Heidi Cruz Campaigns Hard To Show Softer Side Of Husband Ted Cruz Heidi Cruz has been one of the most visible spouses on the campaign trail this year, appearing alongside her husband, Texas Sen. Ted Cruz, and campaigning solo on his behalf.

Heidi Cruz Campaigns Hard To Show Softer Side Of Husband Ted Cruz

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SCOTT SIMON, HOST:

Senator Ted Cruz is not a low-profile guy. He's a fierce debater and a cleverpaul (ph) who is often more admired than liked. As he tries to win over Iowa voters, there's one person who's trying to show people that he has a softer side - his wife, Heidi Cruz, who spoke to NPR's Sarah McCammon on the campaign trail in Iowa.

SARAH MCCAMMON, BYLINE: Heidi Cruz is a successful businesswoman with an MBA from Harvard. And her husband, Ted Cruz, is clearly proud of that. During one of his famously long Senate speeches in 2013, Cruz told a story about a time when his wife was heading off on a business trip.

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TED CRUZ: My wife, Heidi, was taking a car to the airport, and the car got hit.

MCCAMMON: She got on the plane anyway, not realizing until hours later that she had a concussion and a broken bone.

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TED CRUZ: I certainly urged should that happen again to my wife, sweetheart, please let me know when it happens and not 12-14 hours later. But, you know, it's the virtue of marrying strong women who know what they want and are able to tackle the world.

MCCAMMON: On the campaign trail, the Texas senator also extols his wife's more traditional virtues and talks about how grateful he is that she married him.

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TED CRUZ: She is a phenomenal mom to our two little girls, Caroline and Catherine, who are the joys of our life. She has exceptionally poor eyesight.

(LAUGHTER)

MCCAMMON: The Cruz's often tagteam during campaign stops, like one at a restaurant in Keokuk, Iowa, in October. Heidi Cruz told the crowd that she thinks the media are scared to death of her husband, but she really knows him.

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HEIDI CRUZ: Ted is incredibly sincere and thoughtful. And I want you to know as his wife, someone who knows him better than anybody else, he's that way at home, too.

MCCAMMON: She describes him as someone who never forgets a birthday and enjoys reading stories with their daughters. The couple met while working on the George W. Bush campaign in 2000. Heidi Cruz often says it was love at first sight and that she was drawn to his strong beliefs in the Bible and the Constitution.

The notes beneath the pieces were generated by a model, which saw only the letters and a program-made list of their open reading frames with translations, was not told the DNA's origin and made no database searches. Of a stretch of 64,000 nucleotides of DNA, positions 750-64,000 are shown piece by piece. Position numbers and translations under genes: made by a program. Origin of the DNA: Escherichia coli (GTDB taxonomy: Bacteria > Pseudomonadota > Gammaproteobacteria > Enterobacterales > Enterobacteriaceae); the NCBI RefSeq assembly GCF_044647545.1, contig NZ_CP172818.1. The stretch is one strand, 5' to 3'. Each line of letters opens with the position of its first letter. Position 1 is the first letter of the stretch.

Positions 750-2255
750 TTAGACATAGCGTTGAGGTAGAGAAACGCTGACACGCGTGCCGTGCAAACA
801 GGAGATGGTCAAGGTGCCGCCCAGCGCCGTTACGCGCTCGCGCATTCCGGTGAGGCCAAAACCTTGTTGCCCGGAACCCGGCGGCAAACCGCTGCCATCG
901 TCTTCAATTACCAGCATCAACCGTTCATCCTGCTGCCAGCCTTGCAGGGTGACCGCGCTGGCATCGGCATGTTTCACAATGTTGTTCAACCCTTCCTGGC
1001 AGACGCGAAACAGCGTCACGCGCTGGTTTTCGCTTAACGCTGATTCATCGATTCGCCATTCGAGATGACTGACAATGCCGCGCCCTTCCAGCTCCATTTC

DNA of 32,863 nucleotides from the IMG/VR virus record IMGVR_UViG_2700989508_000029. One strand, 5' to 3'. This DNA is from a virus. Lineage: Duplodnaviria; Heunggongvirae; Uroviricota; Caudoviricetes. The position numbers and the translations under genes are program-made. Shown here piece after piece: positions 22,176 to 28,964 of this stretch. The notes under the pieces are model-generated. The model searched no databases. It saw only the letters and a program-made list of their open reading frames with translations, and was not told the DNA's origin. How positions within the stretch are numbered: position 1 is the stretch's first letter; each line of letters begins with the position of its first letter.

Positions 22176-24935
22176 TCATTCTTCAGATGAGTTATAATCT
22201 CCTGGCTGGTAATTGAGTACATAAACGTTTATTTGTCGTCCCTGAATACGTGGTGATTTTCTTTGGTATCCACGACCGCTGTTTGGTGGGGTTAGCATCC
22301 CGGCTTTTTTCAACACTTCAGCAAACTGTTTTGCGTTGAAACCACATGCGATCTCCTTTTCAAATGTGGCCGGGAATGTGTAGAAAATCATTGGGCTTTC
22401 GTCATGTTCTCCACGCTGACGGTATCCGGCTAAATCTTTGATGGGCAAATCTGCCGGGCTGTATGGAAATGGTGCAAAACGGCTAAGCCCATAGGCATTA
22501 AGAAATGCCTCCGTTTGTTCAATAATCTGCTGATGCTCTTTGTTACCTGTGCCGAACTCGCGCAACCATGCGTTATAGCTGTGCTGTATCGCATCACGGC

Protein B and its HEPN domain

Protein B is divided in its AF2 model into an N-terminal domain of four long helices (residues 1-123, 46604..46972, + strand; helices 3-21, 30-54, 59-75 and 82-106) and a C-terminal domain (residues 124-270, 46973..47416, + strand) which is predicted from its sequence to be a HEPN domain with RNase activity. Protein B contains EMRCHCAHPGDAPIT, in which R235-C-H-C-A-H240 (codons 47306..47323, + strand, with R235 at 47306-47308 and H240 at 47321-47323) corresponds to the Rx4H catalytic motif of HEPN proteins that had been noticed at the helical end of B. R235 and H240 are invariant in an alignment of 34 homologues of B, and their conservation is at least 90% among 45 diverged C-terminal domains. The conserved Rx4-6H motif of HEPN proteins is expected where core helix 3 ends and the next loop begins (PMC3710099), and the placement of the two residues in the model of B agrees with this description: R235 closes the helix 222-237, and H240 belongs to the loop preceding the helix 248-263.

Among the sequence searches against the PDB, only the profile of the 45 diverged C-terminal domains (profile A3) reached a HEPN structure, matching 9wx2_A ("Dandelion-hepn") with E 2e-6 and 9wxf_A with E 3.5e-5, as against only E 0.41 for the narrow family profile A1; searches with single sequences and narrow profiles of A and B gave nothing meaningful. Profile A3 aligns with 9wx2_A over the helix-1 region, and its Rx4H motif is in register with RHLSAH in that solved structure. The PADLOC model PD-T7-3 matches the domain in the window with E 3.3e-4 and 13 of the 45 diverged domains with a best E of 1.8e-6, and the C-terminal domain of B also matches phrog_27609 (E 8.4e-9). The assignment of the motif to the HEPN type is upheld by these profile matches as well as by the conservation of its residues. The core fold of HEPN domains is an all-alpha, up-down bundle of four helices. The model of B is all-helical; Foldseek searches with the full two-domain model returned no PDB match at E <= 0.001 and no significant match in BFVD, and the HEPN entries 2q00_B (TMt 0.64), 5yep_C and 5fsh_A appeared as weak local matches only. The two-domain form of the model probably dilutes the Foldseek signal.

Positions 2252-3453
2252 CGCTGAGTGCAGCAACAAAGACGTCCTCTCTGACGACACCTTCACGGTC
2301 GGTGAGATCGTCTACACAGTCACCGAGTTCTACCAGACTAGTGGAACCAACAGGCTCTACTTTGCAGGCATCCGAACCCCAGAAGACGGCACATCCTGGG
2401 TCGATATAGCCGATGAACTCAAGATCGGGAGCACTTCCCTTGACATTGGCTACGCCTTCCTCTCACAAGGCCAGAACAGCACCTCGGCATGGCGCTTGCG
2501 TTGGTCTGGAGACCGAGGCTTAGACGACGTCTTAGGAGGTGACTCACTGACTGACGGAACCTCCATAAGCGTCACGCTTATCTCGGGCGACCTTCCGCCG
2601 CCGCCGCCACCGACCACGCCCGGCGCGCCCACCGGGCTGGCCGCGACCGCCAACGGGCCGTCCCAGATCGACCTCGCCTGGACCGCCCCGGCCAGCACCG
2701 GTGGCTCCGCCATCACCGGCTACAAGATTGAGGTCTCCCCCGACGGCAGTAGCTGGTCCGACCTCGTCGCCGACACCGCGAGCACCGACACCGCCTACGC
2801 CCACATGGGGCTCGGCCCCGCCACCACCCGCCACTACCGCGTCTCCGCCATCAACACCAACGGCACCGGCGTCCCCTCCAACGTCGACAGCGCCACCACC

HEIDI CRUZ: In our late 20s, Ted knew what he believed and what he believed in and what he was doing then is the exact same thing that he believes now and is doing now.

(APPLAUSE)

MCCAMMON: Behind the scenes, Heidi Cruz has been busily fundraising for her husband for months. She took a leave of absence from the investment firm Goldman Sachs to work on the campaign. That connection has been a source of criticism for Ted Cruz, who was elected to the Senate in 2012 as a tea party conservative and a critic of the federal bailout of Wall Street. The scrutiny intensified after IT came to light the Cruz had used loans from Goldman Sachs and Citibank to fund that campaign. In an interview, Heidi Cruz said she doesn't see a contradiction.

HEIDI CRUZ: Ted and I were both against the bailouts, but not against Wall Street, not against any industry. We are against government intervention into the industries in this economy.

MCCAMMON: Given Ted Cruz's reputation for alienating even his Republican colleagues, Heidi Cruz is often asked about her husband's personality. And she says it doesn't matter what people in Washington think since he's popular with conservative voters. But it's not just Washington. Some of Cruz's former classmates, including a college roommate, have come forward to describe him as abrasive, arrogant and even creepy. Heidi Cruz suggests the problem is with her husband's critics.

HEIDI CRUZ: We all went to college. We all found our circle of friends and some people we got along with better than others. Even as a teenager, he was a person who didn't look around the room just to be popular. And for people that do, they might find that unlikable that he's going to stick to his guns.

MCCAMMON: At campaign stops, voters seem to find Heidi Cruz likable. In Emmetsburg, Iowa, yesterday, Bobbie Clark said she's already imagining her as the nation's first lady.

BOBBIE CLARK: She's just alive and vibrant and wicked smart (laughter). I mean, you'd have to be to be married to Ted.

MCCAMMON: Or maybe, some supporters have said, to be married to Heidi. Sarah McCammon, NPR News.

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